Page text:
Of course, there’s no way to address Sir Vincent without addressing the work it took to make the company what it is today.
Sir Vincent fell right into the lap of Briscoe who feels that starting the business was “super easy” even if the skill of making professional beaux ties was not. He recently found the first beaux tie he crafted and recalls that it took him over 6 hours to make this first beaux. It was after several trials and flawed designs that Briscoe finally perfected his beaux tie and only after people bought the ties right off his neck did he consider starting a beaux tie business.
While starting the business may have been easy, the transition from beaux tie designer to beaux tie business owner proved a bit more difficult. The rapid growth of the company in such a short time, forced Briscoe to learn the ropes of running and promoting a business at an accelerated pace. He’s made his share of “rookie mistakes” in his tenure as the head of Sir Vincent but at the end of the day “it’s been a fun ride.”
Since he now has networking at The Grammy’s and being featured on New Orleans’ The 504 to add to his resume, Briscoe can share some of the knowledge he’s gained with those who are looking to start their own business, whether it be in fashion or any other market:
“You gotta start somewhere.”
Brisoce’s own trajectory over the last two years serves as an inspiration to anyone contemplating starting their own business or following their dream. The risk involved in starting one’s own business is no small feat but, as the young entrepreneur can attest to, if you push forward and ask for help things will start to move.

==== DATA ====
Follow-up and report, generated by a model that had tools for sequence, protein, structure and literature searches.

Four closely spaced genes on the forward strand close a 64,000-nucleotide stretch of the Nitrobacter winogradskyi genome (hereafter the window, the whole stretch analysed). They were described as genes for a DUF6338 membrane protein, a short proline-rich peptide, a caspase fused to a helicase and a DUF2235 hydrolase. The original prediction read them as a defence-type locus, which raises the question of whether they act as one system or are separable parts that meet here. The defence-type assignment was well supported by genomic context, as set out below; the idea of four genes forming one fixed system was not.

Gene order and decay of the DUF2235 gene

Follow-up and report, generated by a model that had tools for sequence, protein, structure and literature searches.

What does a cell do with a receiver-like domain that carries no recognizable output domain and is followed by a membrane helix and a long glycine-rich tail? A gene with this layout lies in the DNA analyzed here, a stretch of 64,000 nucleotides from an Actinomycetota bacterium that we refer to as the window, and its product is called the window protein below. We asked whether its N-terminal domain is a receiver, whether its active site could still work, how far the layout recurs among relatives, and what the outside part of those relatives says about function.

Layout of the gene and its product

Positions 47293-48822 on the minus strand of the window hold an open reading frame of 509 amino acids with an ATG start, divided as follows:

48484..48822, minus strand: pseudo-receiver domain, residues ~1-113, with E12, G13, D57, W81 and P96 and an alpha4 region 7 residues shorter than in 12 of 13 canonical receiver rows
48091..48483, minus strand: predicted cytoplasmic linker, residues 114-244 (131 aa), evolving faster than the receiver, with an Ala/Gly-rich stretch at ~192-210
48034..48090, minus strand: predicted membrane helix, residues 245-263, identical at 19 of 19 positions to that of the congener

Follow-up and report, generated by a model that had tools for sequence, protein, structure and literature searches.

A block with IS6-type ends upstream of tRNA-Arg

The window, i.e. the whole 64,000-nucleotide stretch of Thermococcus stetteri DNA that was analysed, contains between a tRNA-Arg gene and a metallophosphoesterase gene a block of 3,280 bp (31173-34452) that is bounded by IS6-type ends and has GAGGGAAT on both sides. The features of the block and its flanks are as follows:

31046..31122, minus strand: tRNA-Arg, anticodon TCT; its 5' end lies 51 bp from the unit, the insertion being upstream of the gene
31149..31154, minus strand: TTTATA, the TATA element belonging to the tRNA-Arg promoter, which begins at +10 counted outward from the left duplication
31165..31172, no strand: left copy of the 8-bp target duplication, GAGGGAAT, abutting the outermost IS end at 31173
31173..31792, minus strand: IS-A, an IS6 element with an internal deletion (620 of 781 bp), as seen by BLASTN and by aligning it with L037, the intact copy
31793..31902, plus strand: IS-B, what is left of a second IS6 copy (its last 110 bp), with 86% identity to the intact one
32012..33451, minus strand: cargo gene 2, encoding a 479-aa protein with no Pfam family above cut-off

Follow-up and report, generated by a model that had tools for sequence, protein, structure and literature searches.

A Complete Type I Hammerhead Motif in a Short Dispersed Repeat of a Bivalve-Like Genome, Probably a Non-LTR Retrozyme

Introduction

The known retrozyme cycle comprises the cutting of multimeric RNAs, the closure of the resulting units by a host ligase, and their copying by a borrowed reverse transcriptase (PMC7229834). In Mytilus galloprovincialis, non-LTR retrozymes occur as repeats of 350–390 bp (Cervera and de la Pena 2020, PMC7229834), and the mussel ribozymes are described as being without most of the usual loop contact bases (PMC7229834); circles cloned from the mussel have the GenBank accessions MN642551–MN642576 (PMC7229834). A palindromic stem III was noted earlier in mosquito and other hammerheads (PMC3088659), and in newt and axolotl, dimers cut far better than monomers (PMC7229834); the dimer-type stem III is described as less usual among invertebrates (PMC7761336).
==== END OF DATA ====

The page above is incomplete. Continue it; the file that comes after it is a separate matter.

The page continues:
Recently, Sir Vincent’s brand manager negotiated an endorsement deal with rising playmaker, Lena Waithe, executive producer of the upcoming film, Dear White People, staff writer on the Fox series, Bones and writer and creator of the upcoming series, Twenties, which is backed by Queen Latifah’s Flavor Unit. Waithe, who has a unique fashion all her own, is a perfect embodiment of the notion that beaux ties can be adorned anywhere, anytime and for any reason.
Contrary to the common ideas about the cutthroat nature of the fashion industry, Briscoe emphasizes that it is not his goal to be the sole provider of beaux ties in New Orleans. He and other New Orleans fashion designers, welcomes other designers to the local industry in hopes of expanding the New Orleans necktie and fashion business; basically, the more the merrier.
Briscoe makes it a point to acknowledge that he did not garner this much success on his own. It was his social network, peers and the mentorship of one designer in particular, Micaiah Bethune, founder of The Wild Life Reserve of New Orleans, that has helped him put Sir Vincent on the path to becoming a household name in neckwear.
This humility and connectedness to the roots of his story—his birthplace, his first tie crafted and his first tie sold—flowed throughout the interview and impressed upon me that at the center of his business is a desire to help others. Whether it be by finishing off their outfit or encouraging them to pursue their own dreams, Briscoe exudes a willingness to make some one else’s life better if only by adding the smallest touch of exceptionality to their look.
Sir Vincent Designs can be purchased online at SirVincentDesigns.com
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Tags: Bow tie, editorial, Fashion, feature, Lena Waithe, Menswear, New Orleans, Sherard Briscoe